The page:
Truthfully, rhetoric of the Information Age aside, the 'city' (I'll define this as the city's financial economy) is not going to miss 'one more painter' or one more 'playwright' - no matter how much Toronto might profess to be a city of the arts - it is not going to see itself as that much poorer if Shag had remained as so much wood pulp, or Instant Coffee folded - it is our little art-aligned community that would feel those gains and losses, and not on a financial level.

Any city needs its local heroes - and Toronto, with its pervasive inferiority complex, may need them especially - and we are fortunate in that we do have local heroes of the arts - and they are inspiring and improve the quality of life for some segments of the population - so social cachet they may have, but powerful financial clout, they do not have.

I am not trying to diminish the role or power of artists - even marginal ones. There is an enormous potential to have a positive impact on the lives of our community, and our peers (as you identify them) through our artwork, action and example - but it is more the maturity we express as people and citizens, then as artists, that will determine that impact, peer-to-peer. We have some social power, with power comes responsibility, our social power is ours to use or misuse. But artists seem to have a tendency, at least in our subculture, towards self-centredness - perhaps no more, or no less than other kinds of subcultures - but it is the particular ways in which it is expressed in the art scene that makes me a little doubtful of the potential for rallying to goodness around the identification as artists. In any case, I don't have any real disagreement with the opinions expressed here, just alot of personal frustration with some tendencies in my peer group! I'll freely admit to that!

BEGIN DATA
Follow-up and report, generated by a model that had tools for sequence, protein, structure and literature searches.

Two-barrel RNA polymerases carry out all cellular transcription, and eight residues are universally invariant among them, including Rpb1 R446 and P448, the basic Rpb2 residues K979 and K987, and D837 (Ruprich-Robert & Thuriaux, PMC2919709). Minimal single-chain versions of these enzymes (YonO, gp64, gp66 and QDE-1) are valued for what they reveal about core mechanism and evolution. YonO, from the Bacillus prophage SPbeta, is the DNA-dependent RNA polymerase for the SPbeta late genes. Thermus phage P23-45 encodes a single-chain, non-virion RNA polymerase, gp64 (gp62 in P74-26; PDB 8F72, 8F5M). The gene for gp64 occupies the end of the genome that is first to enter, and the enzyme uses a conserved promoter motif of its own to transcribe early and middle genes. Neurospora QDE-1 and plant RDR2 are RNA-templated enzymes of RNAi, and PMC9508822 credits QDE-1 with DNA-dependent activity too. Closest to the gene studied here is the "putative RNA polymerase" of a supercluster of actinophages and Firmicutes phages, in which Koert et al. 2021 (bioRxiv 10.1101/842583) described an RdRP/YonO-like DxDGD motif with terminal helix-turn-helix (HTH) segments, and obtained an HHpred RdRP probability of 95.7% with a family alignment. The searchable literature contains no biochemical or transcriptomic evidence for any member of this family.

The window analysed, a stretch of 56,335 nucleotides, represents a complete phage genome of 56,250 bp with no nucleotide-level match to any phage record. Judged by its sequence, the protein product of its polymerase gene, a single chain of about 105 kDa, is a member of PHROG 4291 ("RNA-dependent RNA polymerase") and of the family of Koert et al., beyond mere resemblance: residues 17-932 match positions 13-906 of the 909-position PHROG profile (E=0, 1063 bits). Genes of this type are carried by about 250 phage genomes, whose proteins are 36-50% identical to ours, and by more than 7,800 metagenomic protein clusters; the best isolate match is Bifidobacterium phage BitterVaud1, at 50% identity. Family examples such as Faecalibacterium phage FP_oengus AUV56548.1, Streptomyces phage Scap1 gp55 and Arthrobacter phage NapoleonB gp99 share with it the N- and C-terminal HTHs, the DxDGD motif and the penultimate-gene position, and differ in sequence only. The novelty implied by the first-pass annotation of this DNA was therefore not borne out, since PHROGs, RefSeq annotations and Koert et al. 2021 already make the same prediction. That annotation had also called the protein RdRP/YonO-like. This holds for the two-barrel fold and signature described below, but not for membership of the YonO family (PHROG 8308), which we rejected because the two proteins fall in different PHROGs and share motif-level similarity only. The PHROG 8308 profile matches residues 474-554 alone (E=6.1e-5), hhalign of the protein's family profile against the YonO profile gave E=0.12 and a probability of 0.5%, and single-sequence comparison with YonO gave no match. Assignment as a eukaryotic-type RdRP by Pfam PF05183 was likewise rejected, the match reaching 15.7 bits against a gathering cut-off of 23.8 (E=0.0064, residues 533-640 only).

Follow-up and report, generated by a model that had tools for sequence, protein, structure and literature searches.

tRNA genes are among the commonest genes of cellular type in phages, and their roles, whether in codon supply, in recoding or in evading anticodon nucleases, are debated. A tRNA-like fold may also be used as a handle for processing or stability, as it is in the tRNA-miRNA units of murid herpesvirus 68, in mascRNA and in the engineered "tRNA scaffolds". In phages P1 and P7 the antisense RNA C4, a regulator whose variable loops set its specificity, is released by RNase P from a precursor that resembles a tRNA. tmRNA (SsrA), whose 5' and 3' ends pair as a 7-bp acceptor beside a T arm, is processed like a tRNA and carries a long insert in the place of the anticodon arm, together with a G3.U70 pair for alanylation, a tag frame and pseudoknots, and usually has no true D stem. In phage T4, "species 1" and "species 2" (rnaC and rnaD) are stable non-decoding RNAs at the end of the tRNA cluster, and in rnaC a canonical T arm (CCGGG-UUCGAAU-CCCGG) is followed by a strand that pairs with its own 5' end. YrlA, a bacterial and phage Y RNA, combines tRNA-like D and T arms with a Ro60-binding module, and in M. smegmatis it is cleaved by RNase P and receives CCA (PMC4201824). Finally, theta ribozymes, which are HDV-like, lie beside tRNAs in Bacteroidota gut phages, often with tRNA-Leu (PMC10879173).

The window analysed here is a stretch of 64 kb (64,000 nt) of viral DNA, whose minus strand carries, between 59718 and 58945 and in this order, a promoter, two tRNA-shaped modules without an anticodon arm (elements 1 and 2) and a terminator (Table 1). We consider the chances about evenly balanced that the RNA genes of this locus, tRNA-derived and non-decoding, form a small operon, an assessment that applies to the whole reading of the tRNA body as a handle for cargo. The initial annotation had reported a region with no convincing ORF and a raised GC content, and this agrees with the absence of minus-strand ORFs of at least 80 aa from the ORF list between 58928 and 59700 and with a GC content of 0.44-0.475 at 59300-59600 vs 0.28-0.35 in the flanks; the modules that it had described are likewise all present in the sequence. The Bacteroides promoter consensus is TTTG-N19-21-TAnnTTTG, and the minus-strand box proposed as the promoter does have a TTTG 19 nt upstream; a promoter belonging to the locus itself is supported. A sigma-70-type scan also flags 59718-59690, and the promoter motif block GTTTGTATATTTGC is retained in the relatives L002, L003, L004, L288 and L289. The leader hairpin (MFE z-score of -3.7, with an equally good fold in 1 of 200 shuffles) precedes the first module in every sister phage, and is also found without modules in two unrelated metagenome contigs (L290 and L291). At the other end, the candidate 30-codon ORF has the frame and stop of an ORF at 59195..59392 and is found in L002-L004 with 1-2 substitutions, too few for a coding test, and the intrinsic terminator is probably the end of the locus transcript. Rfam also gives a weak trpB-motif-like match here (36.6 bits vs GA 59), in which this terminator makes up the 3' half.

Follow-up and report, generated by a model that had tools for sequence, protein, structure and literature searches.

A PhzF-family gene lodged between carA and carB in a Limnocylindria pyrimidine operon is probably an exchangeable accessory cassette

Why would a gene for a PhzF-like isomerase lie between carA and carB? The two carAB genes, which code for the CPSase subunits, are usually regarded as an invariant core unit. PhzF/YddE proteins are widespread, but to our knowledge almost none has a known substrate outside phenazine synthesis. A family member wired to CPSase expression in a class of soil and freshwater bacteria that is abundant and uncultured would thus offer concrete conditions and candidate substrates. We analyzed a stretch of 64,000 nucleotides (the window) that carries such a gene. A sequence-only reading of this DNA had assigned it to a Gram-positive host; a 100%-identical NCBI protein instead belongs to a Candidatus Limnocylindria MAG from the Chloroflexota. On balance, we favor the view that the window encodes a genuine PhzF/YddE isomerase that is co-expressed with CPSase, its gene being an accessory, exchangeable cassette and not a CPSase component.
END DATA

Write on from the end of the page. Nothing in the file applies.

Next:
Sean D[wyer] said @ 10:39 PM Tue. 8 March 2005 [writing from Australia]

Stef and others,

Well I have finally caught up on my blog reading, and I couldnít resist posting some sort of response to such a heated discussion.

I should first declare my status as a card carrying member of the tie-wearing middle class. Not yet the Pope Stef (though I certainly would look good in the outfit), I am one of the teeming masses of time-poor, personally unfulfilled, wage slaves who toil for 7 and a half hours a day to make the world safe for modern capitalism.

But Iím OK with it.

Darren said:

'the important point, is that all this activity DOES create economic value but never for the people who make the stuff. the value accrues to others. how can we get some of that back?'
That sort of question needs a good old fashioned capitalist answer - you set up a company that produces creative content and you sell it to the people. If they like what you produce you will get the economic value back into your pocket, which you can distribute as you please. If the public donít like it then you take a loss. That's how it worked for Shakespeare.

Your social capital is worth what people are prepared to pay for it. And if people do pay for it and more and more people are employed to create more and more content that gets seen by more and more people, then that is how you might change the world.